The Perks of Being a Wallflower, by Stephen Chbosky
Title: The Perks of Being a Wallflower
Author: Stephen Chbosky
Originally Published: 1999
Format I Read: Paperback
Publisher: MTV Books (Simon & Schuster)
This book made me sad. It is a very sad book, so I guess that makes sense. Here’s the rather terse blurb:
Caught between trying to live his life and trying to run from it, Charlie is navigating through the strange worlds of love, drugs, “The Rocky Horror Picture Show”, and dealing with the loss of a good friend and his favorite aunt.
The entire story is told via letters written by Charlie during his freshman year of high school to an unnamed person of known age and gender. For whatever reason, I just couldn’t relate to Charlie. In 1999, when the book was published, I was Charlie’s age, so I was hoping I would “recognize” him or some of the other characters in a way. But I didn’t. Maybe I was a teenager too long ago *cough* or I had a more sheltered teenage existence, but I just had a hard time believing everything that happened in this book. And Charlie sometimes felt flat and unbelievable to me. He maintains perfect grades despite partying and taking drugs and riding around to underground and dangerous places with his friend and suffering from depression and mental issues. We’re constantly told that he has a very sensitive nature, which is emphasized by his constant crying – at home, with his friends, or in public, sometimes for little to no reason at all.
The Perks of Being a Wallflower is one of the most challenged books of the last decade. It’s not completely surprising in light of the topics covered. Every possible “teenage” situation is included in this book: drinking, smoking, smoking pot, taking LSD, throwing a party when parents are out of town, bullying football players, alienation, depression, the unattainable girl, etc. And don’t forget family drama and the Rocky Horror Picture Show. Then there are even more intense situations like witnessing a rape, child molestation, physical abuse, abortion, anonymous homosexual encounters in a park, and admission to a mental hospital. It’s issue-y, to say the least.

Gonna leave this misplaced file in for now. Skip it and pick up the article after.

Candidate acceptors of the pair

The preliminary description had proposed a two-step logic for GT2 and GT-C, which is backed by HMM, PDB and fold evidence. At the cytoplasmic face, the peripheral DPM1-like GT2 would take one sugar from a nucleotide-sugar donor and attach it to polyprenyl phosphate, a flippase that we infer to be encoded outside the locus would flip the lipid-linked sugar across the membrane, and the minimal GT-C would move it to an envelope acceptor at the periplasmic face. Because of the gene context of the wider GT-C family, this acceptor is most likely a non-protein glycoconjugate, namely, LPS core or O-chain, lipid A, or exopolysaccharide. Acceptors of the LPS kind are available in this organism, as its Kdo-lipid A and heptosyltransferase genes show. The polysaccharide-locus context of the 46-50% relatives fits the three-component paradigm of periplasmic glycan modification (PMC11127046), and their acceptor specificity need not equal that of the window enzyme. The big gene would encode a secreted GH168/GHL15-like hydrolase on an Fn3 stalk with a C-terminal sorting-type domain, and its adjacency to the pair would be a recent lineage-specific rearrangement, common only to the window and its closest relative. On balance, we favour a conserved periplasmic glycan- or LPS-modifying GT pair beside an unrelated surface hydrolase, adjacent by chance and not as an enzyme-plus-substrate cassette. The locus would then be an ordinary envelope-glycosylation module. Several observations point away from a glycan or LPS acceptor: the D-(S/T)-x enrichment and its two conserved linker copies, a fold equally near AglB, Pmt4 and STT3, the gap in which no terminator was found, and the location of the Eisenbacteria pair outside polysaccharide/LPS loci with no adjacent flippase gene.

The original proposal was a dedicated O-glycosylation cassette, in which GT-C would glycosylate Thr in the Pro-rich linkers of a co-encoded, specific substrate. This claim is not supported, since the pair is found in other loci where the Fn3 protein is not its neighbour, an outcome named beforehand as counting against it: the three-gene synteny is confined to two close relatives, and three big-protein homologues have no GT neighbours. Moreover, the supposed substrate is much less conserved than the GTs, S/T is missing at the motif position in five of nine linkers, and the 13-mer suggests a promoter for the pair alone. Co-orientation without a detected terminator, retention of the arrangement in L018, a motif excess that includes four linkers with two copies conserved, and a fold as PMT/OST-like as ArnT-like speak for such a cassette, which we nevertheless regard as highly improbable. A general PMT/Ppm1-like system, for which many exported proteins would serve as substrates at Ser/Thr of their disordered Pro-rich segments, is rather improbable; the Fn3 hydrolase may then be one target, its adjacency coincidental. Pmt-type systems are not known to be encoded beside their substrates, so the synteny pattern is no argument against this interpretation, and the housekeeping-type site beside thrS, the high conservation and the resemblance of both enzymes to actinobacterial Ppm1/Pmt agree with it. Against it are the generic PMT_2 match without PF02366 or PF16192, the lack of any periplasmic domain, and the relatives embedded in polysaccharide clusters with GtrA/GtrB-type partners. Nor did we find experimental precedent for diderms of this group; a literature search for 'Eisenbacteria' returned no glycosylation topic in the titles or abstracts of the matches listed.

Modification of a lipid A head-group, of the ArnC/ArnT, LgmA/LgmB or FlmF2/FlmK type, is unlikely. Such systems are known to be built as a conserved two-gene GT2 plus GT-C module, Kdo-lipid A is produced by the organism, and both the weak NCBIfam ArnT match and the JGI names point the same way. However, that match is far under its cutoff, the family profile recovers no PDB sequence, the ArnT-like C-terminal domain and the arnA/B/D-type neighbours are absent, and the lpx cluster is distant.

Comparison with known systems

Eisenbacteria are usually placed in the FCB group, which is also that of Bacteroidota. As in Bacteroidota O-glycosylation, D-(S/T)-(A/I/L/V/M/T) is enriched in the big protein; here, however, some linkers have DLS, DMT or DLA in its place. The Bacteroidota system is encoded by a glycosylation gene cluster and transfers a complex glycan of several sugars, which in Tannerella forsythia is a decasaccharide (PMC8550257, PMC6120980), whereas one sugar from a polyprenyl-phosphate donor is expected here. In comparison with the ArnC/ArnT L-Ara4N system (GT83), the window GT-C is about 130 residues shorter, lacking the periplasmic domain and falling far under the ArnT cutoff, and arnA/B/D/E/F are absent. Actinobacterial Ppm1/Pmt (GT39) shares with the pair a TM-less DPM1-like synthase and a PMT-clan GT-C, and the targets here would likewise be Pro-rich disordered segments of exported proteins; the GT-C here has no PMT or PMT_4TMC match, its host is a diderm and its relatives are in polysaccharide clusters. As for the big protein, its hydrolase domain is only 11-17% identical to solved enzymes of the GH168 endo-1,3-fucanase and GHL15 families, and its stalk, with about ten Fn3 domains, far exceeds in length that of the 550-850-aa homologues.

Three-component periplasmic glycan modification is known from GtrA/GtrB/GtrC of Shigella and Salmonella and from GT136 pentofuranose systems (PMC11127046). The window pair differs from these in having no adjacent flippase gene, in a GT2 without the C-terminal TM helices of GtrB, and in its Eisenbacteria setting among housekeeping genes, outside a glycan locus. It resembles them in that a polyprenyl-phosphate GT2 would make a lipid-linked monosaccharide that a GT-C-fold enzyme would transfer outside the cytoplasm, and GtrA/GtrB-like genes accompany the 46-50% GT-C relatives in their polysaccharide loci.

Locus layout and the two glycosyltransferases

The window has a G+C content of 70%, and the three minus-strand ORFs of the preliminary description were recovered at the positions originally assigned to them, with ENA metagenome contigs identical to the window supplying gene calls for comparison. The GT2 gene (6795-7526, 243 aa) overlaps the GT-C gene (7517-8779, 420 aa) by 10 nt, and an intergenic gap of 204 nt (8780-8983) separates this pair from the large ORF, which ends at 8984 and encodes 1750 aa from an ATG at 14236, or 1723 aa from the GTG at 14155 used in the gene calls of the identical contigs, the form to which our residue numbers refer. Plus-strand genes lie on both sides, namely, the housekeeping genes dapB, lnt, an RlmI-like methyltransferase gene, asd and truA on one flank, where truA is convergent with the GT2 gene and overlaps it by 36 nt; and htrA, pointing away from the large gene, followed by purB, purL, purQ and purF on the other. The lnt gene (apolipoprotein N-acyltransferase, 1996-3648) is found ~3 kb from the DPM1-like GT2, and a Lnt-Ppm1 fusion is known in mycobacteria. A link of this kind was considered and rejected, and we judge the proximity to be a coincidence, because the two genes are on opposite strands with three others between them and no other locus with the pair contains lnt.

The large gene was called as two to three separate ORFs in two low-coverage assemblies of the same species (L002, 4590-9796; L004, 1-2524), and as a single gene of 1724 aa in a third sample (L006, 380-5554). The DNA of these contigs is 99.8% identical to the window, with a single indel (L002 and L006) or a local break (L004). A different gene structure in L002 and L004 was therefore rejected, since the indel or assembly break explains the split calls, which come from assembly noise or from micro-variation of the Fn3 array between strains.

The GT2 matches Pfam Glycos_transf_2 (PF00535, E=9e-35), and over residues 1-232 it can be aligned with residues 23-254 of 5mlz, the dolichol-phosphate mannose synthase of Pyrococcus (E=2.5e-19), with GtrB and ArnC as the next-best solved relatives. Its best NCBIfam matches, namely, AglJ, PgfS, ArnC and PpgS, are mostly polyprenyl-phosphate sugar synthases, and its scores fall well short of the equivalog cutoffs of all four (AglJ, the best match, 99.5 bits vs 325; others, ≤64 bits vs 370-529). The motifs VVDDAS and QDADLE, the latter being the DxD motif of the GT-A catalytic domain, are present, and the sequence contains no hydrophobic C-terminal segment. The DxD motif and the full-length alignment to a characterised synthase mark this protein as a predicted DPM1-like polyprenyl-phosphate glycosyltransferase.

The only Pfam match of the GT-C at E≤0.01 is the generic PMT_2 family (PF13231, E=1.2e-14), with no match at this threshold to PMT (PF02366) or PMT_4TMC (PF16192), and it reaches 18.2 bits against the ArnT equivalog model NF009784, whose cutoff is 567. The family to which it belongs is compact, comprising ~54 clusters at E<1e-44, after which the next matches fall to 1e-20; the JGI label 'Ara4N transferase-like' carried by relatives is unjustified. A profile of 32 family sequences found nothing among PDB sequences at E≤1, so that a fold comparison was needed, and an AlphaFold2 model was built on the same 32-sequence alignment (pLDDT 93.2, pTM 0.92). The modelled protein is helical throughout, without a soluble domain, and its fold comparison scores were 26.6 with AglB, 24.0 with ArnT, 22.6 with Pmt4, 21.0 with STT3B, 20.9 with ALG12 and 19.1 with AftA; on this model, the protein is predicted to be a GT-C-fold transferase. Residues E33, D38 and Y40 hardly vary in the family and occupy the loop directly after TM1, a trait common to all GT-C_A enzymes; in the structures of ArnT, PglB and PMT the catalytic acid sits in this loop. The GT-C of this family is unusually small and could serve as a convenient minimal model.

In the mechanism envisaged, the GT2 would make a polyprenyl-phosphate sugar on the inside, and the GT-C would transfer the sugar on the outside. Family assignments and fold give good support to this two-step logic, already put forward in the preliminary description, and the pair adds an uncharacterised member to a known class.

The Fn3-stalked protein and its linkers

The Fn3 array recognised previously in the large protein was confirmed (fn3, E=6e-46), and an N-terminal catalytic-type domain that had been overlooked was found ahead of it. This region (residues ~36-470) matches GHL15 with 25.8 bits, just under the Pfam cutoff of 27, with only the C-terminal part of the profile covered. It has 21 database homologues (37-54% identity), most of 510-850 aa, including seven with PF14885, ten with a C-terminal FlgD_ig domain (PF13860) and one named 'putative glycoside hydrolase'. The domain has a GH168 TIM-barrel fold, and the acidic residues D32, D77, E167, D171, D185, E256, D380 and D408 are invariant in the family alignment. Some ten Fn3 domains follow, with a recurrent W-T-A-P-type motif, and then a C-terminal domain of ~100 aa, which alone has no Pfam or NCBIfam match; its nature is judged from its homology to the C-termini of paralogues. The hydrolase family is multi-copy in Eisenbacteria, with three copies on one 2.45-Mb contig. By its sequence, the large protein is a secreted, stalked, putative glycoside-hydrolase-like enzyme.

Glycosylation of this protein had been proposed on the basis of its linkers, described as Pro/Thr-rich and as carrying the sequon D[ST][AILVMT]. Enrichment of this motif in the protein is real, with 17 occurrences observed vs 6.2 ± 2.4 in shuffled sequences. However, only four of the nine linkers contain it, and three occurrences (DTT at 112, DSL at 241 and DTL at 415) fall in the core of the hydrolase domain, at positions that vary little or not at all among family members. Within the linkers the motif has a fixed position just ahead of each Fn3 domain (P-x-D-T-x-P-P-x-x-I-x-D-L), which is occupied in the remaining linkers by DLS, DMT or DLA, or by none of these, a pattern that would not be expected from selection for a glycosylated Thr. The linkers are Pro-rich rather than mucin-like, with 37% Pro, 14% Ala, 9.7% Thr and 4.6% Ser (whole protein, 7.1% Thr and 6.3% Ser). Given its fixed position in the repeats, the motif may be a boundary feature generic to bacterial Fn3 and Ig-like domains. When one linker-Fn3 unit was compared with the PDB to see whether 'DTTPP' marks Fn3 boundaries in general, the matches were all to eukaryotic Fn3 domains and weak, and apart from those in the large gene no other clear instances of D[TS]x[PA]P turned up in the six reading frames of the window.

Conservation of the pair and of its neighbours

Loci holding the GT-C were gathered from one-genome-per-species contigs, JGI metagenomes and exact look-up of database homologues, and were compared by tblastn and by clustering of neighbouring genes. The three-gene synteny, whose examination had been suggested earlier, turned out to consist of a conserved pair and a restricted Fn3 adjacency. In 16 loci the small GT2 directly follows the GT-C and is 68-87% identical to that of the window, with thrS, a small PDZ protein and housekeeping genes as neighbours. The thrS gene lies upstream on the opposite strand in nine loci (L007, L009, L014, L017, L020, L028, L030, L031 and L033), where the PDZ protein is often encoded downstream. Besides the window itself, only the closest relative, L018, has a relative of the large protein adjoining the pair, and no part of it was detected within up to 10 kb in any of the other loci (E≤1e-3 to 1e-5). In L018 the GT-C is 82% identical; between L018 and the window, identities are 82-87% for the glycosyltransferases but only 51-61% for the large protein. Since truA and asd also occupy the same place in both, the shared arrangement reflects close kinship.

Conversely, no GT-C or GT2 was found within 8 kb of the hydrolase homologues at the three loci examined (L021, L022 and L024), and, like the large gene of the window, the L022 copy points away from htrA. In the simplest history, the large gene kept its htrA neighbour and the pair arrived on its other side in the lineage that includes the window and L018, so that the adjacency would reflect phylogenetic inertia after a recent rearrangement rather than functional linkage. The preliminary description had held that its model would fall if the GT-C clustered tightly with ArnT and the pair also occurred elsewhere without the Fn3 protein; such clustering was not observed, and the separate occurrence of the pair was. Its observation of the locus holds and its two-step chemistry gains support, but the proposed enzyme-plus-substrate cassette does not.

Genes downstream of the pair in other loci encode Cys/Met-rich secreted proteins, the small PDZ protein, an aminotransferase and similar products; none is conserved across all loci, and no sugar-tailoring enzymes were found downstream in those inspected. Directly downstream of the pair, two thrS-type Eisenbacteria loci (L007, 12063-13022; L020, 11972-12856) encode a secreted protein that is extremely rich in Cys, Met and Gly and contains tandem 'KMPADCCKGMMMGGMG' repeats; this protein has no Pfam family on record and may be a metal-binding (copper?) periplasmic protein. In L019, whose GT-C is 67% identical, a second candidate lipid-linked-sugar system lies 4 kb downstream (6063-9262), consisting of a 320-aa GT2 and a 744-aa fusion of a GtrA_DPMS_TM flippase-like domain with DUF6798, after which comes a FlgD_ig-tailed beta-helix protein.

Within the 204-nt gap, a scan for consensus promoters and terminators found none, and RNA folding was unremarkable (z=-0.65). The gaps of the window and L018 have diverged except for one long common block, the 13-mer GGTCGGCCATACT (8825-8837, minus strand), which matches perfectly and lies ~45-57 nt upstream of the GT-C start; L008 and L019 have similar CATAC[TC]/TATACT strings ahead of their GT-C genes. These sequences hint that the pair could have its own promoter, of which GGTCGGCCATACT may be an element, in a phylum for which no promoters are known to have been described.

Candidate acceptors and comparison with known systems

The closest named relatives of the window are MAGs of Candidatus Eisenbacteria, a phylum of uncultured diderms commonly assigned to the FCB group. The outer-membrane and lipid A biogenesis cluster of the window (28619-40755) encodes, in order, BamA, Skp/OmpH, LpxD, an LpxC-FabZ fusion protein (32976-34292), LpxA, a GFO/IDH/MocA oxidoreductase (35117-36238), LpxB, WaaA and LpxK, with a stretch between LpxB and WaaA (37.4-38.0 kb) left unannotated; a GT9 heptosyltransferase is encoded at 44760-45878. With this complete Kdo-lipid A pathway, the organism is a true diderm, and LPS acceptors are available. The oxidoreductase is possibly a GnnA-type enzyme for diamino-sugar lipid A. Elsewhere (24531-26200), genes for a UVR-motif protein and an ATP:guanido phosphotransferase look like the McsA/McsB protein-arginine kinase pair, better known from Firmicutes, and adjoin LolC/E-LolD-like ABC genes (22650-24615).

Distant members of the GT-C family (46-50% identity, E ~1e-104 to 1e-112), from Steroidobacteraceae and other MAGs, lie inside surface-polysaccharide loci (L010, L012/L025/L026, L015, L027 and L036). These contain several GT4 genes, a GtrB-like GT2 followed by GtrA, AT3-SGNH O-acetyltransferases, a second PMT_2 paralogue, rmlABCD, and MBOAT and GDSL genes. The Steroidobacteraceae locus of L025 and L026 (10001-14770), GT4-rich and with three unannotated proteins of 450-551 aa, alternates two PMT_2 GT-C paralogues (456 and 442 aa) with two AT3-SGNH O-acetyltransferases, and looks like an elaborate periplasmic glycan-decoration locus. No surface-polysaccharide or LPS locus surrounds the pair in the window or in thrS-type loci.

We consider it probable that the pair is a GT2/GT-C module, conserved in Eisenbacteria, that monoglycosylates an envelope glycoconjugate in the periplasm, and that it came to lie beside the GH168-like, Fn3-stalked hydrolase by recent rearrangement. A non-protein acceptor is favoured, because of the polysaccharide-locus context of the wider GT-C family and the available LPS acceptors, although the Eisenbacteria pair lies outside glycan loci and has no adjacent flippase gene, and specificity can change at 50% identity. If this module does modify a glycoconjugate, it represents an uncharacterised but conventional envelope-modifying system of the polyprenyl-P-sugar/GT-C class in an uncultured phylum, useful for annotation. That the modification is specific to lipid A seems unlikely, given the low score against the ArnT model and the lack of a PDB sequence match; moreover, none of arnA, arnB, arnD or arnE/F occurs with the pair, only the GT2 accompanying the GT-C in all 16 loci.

In the end, it is the writing that wins the stars for me. The way things are worded and some of the thoughts expressed are beautiful.
My dad had glory days once. I’ve seen pictures of him when he was young. He was a very handsome man. I don’t know any other way to put it. He looked like all old pictures look. Old pictures look very rugged and young, and the people in the photographs always seem a lot happier than you are.
My mother looks beautiful in old pictures. She actually looks more beautiful than anyone except maybe Sam. Sometimes I look at my parents now and wonder what happened to make them the way they are.
I think about all this sometimes when I’m watching a football game with Patrick and Sam. I look at the field, and I think about the boy who just made the touchdown. I think that these are the glory days for that boy, and this moment will just be another story some day because all the people who make touchdowns and home runs will become somebody’s dad. And when his children look at his yearbook photograph, they will think that their dad was rugged and handsome and looked a lot happier than they are.
I just hope I remember to tell my kids that they are as happy as I look in my old photographs. And I hope that they believe me. (52-53)
Even with the beautiful writing, this is a case of like, not love for me.
(I do want to see the movie though. Did you know it was written and directed by Stephen Chbosky?)